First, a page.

Flores still the 'win-now' catcher for Nationals

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It’s a common occurrence for contenders to go for the sure thing, rather than trust the youngster. When it comes to surety versus ceiling, surety often prevails with teams that already expect to win 90 games.
But what about with the teams all set to lose 90 games? When the Nationals signed Ivan Rodriguez, the thought was that he’d play 70-80 games, which would hardly make him a backup. Rodriguez thinks he has a shot to be the starter:

“Well I’m ready to play every day. We discussed that. I’m a player that can still play every day and I will play every day and basically do my best for the club. I know it’s hard for me to play 162 games; that’s impossible for a catcher. But as long as I’m healthy, feeling great physically, I’ll be in the field playing.”

GM Mike Rizzo viewed it as more of a job-sharing arrangement, but he didn’t rule out the possibility of Rodriguez starting more than half of the time. As he told the Washington Post:

“He’s a 14-time all-star. He’s a very prideful guy. And he thinks his skills are at their finest, and he might be right, you never know. Like I said at the beginning, he’s going to be a significant contributor to the ballclub. Now if that means 70 or 80 games or 70, 80, 90, 100 games, those are questions that will be answered throughout the course of the season. The best problem I could have all season is, ‘Who of these two hot catchers are we going to play on an everyday basis?'”

Rizzo said all of that right after pointing out that incumbent catcher Jesus Flores is due to be ready for the start of spring training after shoulder surgery. Flores, who arrived in Washington as a Rule 5 pick from the Mets, is 25 now, and he’s spent almost three seasons in the majors. If the Nationals hadn’t sent him down for a month early in 2008, he’d be halfway to free agency. In 574 at-bats, he’s hit .260/.313/.406 with 16 homers and 99 RBI, a very impressive total for someone who has frequently hit seventh and eighth for bad teams. He came in at .301/.377/.505 in the 29 games before he got hurt last season.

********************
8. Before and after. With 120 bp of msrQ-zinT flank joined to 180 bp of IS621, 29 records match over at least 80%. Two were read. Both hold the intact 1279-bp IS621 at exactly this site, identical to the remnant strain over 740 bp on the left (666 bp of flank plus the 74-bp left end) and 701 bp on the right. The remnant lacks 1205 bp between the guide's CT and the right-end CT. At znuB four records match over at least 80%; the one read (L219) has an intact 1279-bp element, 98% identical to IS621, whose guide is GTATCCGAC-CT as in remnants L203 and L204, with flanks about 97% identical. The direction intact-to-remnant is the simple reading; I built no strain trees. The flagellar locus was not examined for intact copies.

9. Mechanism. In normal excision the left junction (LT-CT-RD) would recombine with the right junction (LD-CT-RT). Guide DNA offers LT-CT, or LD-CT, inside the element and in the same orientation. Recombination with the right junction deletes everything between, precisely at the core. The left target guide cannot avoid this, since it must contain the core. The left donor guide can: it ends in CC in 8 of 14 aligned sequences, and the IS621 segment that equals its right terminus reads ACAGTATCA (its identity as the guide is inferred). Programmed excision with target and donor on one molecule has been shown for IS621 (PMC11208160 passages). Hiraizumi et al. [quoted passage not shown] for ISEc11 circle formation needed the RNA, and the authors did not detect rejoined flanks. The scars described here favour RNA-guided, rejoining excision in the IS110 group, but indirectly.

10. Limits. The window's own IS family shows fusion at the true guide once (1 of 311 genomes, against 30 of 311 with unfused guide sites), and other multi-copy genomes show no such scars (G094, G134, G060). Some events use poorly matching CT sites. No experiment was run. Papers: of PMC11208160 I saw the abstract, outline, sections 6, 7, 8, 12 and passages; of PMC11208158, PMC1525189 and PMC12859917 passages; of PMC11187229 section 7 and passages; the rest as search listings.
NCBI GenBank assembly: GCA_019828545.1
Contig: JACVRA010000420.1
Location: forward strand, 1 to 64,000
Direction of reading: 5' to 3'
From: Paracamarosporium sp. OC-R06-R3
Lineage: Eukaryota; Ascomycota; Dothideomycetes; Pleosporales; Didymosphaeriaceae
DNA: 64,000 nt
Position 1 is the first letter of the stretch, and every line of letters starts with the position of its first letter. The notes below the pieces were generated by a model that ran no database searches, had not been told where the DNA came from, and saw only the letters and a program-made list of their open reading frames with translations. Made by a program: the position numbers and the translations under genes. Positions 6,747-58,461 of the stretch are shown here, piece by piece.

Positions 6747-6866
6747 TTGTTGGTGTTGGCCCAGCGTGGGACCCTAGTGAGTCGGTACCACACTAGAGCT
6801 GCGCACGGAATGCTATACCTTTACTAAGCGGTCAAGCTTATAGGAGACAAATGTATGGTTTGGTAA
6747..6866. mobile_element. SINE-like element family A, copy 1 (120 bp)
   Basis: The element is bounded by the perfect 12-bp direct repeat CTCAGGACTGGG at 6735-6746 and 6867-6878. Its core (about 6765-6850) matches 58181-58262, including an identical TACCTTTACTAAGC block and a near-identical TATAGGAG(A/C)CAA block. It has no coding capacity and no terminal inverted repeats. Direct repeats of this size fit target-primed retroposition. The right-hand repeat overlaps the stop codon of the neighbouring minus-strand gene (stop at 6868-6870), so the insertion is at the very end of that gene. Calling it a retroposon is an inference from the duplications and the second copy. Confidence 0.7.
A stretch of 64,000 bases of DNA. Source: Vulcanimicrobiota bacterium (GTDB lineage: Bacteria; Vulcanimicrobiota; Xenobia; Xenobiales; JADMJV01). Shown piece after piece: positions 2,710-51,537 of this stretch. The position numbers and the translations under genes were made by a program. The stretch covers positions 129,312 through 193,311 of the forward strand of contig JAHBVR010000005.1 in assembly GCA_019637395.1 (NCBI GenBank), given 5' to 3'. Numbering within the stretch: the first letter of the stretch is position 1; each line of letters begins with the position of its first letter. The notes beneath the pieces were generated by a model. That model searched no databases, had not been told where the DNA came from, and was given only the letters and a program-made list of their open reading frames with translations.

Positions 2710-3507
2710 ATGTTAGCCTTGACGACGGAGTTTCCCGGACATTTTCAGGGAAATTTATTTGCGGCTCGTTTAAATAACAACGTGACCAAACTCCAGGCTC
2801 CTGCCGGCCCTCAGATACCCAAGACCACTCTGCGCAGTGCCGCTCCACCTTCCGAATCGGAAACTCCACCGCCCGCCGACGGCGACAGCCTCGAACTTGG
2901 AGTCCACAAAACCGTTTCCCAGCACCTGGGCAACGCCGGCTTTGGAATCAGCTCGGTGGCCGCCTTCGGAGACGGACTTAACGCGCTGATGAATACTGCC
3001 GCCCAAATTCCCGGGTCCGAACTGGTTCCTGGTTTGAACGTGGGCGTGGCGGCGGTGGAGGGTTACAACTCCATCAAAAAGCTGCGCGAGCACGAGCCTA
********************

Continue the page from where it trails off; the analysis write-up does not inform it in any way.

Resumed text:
To sit down a healthy Flores now would be a terrible idea. He still has a ways to go defensively, particularly when it comes to blocking pitches, but he is learning. He’s thrown out 31 percent of would-be basestealers, and for what little it’s worth, his catcher’s ERA has been better than the Nationals’ mark as a whole during his career.
Rodriguez’s .269/.297/.401 line over the last three years is actually slightly worse than Flores’, and he’s barely toped Flores by throwing out 33 percent of basestealers. With his vast experience, he surely does a lot of the little things better than Flores. However, when it comes to the big things, Flores is the better bet for 2010. If he stays healthy, he should be starting two out of every three games. He’s the future behind the plate, and he’s the one the Nationals’ young pitchers need to learn to work with, not the mercenary who could be out of the league as soon as his contract is up.

And That Happened: Monday’s Scores and Highlights

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Here are the scores. Here are the highlights:

Indians 15, Rangers 9: The Rangers took a 4-0 lead after one, a 7-1 lead after two and had a 9-2 lead heading into the bottom of the fourth before the Indians decided to wake up and score 13 unanswered runs. Francisco Lindor, Lonnie Chisenhall and Carlos Santana each had three RBI as the Indians scored a run in the fourth, four in the fifth, five in the sixth and added three in the seventh. Cleveland set their season high in runs and tied their season best with 19 hits. Every starter except Kipnis had at least two hits. They also regained first place in the central because . . .